Progesterone deficiency is a condition in which the body does not produce enough progesterone, an important hormone to the female reproductive system. Having too little progesterone normally occurs when a woman hits menopause, but can also occur earlier in life. Progesterone deficiency can cause infertility, irregular periods, ovarian cysts, anxiety, breast tenderness, bloating, mood swings, weight gain, and miscarriage. Progesterone is naturally produced in both men and women, but it plays a much larger role in the female body.
Women produce progesterone in the ovaries, which are located in the pelvic region and have the responsibility of producing eggs and hormones. During a normal menstrual cycle, progesterone levels start off low and then climb during ovulation, the time between when an egg is released from an ovary and when that egg ceases to be viable. During ovulation, an egg is released from a follicle in one of the ovaries, and the rupture of the follicle triggers the production of progesterone. The progesterone then begins preparing the wall of the uterus for the implantation of a fertilized egg. If the egg does not get fertilized, progesterone levels drop and the woman menstruates, or gets her period.
If the egg does get fertilized and implants in the uterus, progesterone helps to lower the woman’s immune response so it doesn’t attack the fetus. The placenta, an organ that develops alongside the fetus in the uterus during pregnancy, also begins producing progesterone, so that the woman’s overall progesterone production increases tenfold. Progesterone deficiency can cause problems in pregnant and non-pregnant women.
One of the most common issues associated with progesterone deficiency is polycystic ovarian syndrome, or PCOS. This occurs when the ovary releases an egg each month, but the follicle fails to rupture and start progesterone production. The body will then start producing more hormones to try to stimulate ovulation and progesterone production again, but these follicles may also fail to rupture. This condition can cause mood swings, irregular or missed periods, heavy cramping and bleeding, weight gain, anxiety, breast tenderness, carbohydrate cravings, acne, excessive hair growth, and infertility. Without progesterone, the egg may have a difficult time implanting in the uterus, even if it is dropped from the ovary and fertilized.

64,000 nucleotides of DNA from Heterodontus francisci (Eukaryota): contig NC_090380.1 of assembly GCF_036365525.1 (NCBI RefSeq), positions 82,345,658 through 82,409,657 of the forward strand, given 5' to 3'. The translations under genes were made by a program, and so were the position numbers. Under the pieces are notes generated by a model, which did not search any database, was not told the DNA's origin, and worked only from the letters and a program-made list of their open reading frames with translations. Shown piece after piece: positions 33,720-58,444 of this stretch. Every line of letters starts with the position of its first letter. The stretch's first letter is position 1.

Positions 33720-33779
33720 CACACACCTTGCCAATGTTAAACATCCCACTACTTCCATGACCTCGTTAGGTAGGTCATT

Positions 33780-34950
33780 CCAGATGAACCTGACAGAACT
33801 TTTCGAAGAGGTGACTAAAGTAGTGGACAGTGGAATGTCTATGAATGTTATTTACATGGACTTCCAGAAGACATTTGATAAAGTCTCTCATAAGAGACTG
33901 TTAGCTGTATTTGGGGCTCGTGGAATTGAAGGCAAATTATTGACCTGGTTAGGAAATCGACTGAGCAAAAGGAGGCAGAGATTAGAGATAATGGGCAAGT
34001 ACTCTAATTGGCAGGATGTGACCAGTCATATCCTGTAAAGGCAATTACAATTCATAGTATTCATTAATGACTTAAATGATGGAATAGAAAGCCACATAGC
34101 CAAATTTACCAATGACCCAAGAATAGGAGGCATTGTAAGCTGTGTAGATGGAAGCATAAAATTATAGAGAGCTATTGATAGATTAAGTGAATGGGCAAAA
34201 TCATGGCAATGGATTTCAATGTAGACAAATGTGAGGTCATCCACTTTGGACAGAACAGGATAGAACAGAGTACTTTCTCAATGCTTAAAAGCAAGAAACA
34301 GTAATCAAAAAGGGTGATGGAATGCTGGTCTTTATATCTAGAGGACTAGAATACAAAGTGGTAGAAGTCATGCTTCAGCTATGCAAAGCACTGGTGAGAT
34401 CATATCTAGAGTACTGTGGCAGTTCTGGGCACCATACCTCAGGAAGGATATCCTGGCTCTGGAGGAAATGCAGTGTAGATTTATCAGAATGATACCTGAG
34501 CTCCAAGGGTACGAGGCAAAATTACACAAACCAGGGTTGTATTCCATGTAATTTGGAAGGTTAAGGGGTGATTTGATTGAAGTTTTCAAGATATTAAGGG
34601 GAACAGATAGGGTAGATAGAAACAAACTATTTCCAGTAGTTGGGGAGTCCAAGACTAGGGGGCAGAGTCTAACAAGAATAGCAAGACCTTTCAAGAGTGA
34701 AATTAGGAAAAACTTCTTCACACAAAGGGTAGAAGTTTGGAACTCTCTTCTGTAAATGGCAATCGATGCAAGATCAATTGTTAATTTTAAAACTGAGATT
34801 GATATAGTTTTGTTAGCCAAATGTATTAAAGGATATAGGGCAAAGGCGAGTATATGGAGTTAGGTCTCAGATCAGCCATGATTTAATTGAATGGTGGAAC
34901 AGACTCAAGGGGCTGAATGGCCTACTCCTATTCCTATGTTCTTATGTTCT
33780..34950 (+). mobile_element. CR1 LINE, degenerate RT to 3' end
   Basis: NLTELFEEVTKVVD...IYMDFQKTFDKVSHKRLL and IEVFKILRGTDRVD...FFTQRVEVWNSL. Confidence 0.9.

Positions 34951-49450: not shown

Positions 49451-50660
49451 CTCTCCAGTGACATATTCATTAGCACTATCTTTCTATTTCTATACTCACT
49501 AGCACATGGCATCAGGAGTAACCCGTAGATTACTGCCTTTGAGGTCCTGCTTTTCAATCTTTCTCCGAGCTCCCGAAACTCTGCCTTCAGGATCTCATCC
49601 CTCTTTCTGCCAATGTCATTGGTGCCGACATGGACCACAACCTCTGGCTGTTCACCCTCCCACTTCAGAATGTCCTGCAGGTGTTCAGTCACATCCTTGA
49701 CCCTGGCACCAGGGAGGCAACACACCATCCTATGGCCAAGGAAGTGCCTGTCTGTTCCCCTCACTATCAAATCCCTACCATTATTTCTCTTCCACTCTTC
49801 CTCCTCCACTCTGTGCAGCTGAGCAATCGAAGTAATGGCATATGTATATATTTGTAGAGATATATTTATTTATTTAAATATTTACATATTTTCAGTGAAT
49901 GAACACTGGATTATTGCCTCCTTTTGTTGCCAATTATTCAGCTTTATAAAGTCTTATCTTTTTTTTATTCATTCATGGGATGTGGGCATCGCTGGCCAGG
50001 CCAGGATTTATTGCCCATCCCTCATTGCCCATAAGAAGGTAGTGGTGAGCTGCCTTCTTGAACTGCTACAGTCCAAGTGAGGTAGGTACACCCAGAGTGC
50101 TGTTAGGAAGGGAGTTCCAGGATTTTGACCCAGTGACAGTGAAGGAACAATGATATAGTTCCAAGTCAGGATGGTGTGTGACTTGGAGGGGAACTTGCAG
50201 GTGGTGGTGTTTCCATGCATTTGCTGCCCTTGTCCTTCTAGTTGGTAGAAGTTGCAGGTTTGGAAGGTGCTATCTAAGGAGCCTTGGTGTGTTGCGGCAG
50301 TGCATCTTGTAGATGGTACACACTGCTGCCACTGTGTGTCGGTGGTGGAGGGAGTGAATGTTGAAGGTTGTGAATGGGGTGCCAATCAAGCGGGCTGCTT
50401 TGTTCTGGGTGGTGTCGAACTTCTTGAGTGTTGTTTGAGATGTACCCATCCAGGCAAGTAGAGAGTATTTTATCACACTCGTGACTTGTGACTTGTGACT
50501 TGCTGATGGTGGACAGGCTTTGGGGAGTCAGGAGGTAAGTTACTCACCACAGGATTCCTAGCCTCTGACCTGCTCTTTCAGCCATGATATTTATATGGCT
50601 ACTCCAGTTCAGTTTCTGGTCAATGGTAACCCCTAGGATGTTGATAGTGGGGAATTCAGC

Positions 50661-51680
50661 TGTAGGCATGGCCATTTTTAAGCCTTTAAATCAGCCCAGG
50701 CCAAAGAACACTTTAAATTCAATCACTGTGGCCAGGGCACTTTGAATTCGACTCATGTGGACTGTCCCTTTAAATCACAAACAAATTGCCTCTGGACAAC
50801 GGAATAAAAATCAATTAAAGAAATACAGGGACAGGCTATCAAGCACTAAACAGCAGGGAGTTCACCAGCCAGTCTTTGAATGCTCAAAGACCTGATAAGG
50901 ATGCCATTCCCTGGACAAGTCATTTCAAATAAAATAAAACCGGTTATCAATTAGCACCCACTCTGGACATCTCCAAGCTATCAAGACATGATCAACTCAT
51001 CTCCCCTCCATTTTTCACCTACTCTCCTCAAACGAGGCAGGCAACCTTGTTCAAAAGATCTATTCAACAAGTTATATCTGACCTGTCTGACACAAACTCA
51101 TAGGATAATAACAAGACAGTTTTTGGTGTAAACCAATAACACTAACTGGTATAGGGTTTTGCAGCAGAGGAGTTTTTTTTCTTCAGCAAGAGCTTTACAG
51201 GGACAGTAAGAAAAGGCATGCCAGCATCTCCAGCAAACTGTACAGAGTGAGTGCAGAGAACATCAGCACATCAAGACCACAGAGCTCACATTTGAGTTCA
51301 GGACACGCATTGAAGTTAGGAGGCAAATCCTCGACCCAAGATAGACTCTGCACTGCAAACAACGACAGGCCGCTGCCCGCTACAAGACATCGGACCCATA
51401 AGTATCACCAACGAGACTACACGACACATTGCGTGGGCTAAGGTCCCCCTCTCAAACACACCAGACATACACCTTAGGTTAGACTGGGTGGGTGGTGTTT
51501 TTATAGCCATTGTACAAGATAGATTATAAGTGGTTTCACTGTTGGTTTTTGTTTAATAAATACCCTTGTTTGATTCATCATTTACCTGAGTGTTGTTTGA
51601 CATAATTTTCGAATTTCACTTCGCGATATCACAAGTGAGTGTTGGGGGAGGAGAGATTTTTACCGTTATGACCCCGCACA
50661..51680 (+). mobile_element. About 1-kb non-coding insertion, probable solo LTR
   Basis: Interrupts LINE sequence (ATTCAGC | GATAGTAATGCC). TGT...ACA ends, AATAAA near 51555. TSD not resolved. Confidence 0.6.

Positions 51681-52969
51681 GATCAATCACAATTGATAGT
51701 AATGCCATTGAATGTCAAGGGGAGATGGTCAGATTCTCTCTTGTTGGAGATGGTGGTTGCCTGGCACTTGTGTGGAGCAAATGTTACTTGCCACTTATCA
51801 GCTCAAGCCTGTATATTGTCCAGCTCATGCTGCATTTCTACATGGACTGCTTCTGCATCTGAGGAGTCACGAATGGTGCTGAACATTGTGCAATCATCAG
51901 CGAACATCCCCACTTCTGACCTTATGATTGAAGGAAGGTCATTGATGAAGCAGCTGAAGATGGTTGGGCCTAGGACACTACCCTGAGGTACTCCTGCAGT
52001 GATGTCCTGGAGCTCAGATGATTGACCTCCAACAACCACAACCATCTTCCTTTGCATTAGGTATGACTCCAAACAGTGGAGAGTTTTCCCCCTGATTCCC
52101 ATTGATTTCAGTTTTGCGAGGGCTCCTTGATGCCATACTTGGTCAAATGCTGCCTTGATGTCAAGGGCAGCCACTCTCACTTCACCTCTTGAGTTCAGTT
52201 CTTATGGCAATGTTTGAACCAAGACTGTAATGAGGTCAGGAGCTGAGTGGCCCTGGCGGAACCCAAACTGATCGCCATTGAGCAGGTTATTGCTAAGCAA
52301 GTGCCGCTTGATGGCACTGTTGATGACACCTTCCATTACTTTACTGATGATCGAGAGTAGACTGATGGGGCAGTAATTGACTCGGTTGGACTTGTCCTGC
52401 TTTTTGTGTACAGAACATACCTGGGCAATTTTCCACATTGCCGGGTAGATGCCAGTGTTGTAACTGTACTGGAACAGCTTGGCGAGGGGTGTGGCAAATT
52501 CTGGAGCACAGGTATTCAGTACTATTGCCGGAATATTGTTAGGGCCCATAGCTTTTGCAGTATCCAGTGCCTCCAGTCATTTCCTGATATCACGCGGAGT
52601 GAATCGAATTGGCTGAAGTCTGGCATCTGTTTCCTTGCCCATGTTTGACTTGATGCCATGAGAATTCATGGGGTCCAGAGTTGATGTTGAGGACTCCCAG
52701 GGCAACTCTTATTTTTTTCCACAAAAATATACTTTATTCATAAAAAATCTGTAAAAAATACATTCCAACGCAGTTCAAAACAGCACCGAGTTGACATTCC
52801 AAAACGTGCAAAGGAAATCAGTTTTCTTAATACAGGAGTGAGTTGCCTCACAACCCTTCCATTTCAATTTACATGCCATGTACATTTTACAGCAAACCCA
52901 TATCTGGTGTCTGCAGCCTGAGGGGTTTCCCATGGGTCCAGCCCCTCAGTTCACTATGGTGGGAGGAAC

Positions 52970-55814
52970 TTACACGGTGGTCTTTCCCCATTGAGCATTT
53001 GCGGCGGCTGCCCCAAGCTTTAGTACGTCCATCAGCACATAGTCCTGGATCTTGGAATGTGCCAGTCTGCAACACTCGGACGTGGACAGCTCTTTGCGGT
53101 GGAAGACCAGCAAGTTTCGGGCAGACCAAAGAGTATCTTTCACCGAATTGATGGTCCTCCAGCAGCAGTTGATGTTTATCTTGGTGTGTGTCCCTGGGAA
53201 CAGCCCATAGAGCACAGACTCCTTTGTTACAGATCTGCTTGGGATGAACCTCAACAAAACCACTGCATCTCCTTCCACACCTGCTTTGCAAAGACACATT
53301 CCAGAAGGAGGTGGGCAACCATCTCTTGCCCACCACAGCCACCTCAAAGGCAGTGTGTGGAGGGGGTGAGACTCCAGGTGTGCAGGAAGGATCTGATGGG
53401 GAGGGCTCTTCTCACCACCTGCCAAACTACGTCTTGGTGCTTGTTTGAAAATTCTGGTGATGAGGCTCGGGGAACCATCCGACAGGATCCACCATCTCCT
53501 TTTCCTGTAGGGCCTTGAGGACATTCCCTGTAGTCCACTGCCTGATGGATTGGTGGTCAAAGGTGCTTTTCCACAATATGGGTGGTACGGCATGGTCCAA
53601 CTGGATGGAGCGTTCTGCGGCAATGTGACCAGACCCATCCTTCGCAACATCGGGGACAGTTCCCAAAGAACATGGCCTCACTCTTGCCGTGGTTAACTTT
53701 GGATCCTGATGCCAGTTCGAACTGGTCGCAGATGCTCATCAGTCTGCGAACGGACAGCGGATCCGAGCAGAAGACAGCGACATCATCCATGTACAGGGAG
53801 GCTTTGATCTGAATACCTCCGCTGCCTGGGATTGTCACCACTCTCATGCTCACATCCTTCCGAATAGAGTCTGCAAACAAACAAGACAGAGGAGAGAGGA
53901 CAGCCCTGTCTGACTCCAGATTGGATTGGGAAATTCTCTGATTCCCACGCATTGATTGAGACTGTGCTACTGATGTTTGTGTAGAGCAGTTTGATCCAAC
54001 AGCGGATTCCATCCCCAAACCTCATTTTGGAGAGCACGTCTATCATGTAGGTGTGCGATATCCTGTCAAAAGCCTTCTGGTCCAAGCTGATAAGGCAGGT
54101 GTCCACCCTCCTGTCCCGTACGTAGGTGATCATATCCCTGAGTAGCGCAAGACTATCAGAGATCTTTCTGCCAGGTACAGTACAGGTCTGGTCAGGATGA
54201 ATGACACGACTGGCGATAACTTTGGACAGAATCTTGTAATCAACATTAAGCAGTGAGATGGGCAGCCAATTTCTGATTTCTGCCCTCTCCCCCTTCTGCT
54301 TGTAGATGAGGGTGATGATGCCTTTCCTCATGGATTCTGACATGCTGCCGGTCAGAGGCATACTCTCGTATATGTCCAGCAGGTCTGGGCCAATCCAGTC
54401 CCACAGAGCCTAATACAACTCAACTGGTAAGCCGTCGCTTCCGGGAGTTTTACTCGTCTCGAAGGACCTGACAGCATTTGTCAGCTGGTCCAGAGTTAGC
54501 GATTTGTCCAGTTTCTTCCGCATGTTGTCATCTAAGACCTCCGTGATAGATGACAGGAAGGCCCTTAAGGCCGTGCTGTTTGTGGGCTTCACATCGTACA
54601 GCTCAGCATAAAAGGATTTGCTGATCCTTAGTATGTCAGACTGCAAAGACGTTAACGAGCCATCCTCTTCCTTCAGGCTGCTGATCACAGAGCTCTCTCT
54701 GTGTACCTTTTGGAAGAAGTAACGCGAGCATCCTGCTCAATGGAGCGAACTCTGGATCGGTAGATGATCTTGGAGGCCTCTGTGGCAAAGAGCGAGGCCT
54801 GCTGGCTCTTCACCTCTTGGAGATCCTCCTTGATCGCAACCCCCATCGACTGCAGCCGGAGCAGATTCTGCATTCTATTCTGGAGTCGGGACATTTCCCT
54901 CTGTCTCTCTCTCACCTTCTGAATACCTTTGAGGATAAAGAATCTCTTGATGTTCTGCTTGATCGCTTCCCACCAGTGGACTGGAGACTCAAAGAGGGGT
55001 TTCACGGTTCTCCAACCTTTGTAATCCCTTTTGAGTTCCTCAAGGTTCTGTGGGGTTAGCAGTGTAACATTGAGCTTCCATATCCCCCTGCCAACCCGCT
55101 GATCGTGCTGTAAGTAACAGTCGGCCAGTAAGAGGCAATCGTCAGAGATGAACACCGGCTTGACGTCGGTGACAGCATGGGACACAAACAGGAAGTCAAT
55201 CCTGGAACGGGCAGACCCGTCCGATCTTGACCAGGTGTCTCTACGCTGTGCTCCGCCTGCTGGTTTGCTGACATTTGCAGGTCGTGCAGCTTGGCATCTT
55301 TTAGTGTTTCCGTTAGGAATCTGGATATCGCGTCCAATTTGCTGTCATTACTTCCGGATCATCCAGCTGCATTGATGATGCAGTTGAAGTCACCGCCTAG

Progesterone deficiency during pregnancy can lead to miscarriage. Along with preparing the pelvis for labor, preventing lactation until delivery, and many other functions during pregnancy, progesterone prevents the body from shedding the lining of the uterus. If progesterone levels drop too low during pregnancy, or if progesterone receptors are unable to access the hormone, the woman may lose the embryo, usually during the first trimester.
Progesterone levels also drop after women hit menopause, about a year after their last menstrual period. Though this is a normal hormonal change, some women have severe symptoms of hot flashes, weight gain, mood swings, anxiety, insomnia, and hair loss. Treatment for progesterone deficiency for menopausal women, pregnant women, or women of child-bearing age is similar. These treatments include reducing stress, so that progesterone doesn’t have to compete with stress hormones, herbal remedies such as black cohosh, and hormone replacement therapy. Hormone replacement therapy is done with the help of a doctor and may come in pill or cream form.